Gustav Stresemann: Weimar's Greatest Statesman

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Gustav Stresemann was the exceptional political figure of his time. His early death in 1929 has long been viewed as the beginning of the end for the Weimar Republic and the opening through which Hitler was able to come to power. His career was marked by many contradictions but also a pervading loyalty to the values of liberalism and nationalism. This enabled him in time both to adjust to defeat and revolution and to recognize in the Republic the only basis on which Germans could unite, and in European cooperation the only way to avoid a new war. His attempt to build a stable Germany as an equal power in a stable Europe throws an important light on German history in a critical time. Hitler was the beneficiary of his failure but, so long as he was alive, Stresemann offered Germans a clear alternative to the Nazis. Jonathan Wright's fascinating new study is the first modern biography of Stresemann to appear in English or German.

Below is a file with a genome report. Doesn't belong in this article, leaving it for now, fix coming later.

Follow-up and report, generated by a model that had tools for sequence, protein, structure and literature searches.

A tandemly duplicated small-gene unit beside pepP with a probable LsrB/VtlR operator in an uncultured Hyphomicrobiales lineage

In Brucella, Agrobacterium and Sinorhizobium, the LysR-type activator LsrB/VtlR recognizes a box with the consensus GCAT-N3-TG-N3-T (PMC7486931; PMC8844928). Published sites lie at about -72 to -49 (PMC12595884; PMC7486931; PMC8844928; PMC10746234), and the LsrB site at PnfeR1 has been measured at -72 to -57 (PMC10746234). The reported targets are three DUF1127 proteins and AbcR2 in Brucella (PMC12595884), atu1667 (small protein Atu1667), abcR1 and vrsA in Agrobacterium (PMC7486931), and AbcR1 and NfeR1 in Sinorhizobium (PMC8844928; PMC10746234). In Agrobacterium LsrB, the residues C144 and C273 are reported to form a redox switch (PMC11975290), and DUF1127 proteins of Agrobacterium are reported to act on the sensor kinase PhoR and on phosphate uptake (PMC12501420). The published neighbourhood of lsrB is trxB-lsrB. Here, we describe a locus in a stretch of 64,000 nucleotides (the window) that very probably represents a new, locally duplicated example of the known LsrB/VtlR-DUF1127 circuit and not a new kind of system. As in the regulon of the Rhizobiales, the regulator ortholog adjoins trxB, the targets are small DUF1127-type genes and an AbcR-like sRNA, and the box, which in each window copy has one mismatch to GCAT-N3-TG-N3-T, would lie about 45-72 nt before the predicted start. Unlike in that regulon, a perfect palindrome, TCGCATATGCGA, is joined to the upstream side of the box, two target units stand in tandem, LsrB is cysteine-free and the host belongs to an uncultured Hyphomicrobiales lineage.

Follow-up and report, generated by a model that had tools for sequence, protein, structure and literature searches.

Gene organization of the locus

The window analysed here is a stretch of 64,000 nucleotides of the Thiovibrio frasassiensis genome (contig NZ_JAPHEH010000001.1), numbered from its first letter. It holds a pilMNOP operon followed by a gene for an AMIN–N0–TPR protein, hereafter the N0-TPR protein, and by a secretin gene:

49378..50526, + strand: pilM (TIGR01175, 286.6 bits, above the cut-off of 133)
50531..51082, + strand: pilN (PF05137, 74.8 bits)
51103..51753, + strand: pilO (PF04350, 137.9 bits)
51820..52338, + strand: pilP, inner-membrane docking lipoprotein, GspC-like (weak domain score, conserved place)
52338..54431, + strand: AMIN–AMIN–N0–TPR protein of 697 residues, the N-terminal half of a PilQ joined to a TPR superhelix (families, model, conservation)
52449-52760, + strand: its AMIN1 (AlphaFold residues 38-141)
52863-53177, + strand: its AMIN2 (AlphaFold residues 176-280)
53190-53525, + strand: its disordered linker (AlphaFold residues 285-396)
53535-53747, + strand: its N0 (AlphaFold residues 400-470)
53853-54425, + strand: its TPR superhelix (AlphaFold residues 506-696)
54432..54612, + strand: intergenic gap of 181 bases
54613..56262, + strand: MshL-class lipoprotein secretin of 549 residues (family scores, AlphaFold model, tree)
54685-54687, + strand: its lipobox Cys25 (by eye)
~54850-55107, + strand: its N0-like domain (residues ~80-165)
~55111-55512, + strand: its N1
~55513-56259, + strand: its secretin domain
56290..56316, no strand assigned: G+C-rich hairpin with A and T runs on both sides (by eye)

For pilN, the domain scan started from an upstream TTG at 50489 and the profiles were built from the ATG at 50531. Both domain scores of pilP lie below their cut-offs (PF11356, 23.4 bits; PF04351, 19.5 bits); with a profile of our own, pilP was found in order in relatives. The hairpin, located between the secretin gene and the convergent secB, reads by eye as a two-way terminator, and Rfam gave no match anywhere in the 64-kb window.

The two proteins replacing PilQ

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Editorial Reviews

From the Publisher
"This meticulously researched, judicious, and carefully written book clearly confirms Wright's confidence in the usefulness of the biographical approach. He has produced a balanced and reasonable treatment of one of Germany's most significant statesman. This study will interest not only scholars of German history, but also a much broader audience intrigued by the career of one of Europe's most influential modern statesman in an era defined by war, revolution, and the troubled search for lasting European stability." — German Studies Review
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Product Details

  • ISBN-13: 9780199273294
  • Publisher: Oxford University Press
  • Publication date: 11/18/2004
  • Edition description: New Edition
  • Pages: 588
  • Sales rank: 1,525,549
  • Product dimensions: 9.00 (w) x 6.10 (h) x 1.40 (d)

Meet the Author

Jonathan Wright is a Tutorial Fellow and Lecturer at Christ Church, Oxford.

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Table of Contents

1 'The child is father of the man' : 1878-1901 8
2 'A hunger for power' : business and politics, 1901-1914 25
3 'For the greater, freer Germany of the future' : war, 1914-1918 66
4 'We are and remain independent towards the right and the left' : accommodation and opposition, October 1918-June 1920 111
5 'The latchkey to power' : building a coalition of the centre, June 1920-December 1922 162
6 'All but political suicide' : Ruhr occupation and chancellor, 1923 202
7 'A gleam of light on the otherwise dark horizon' : the Dawes plan and the road to Locarno, 1924-1925 260
8 Locarno and the League, 1925-1926 330
9 Peaceful revision in the balance, 1927-1928 389
10 1929 : Stresemann or Hugenberg? 443
11 Conclusion 492
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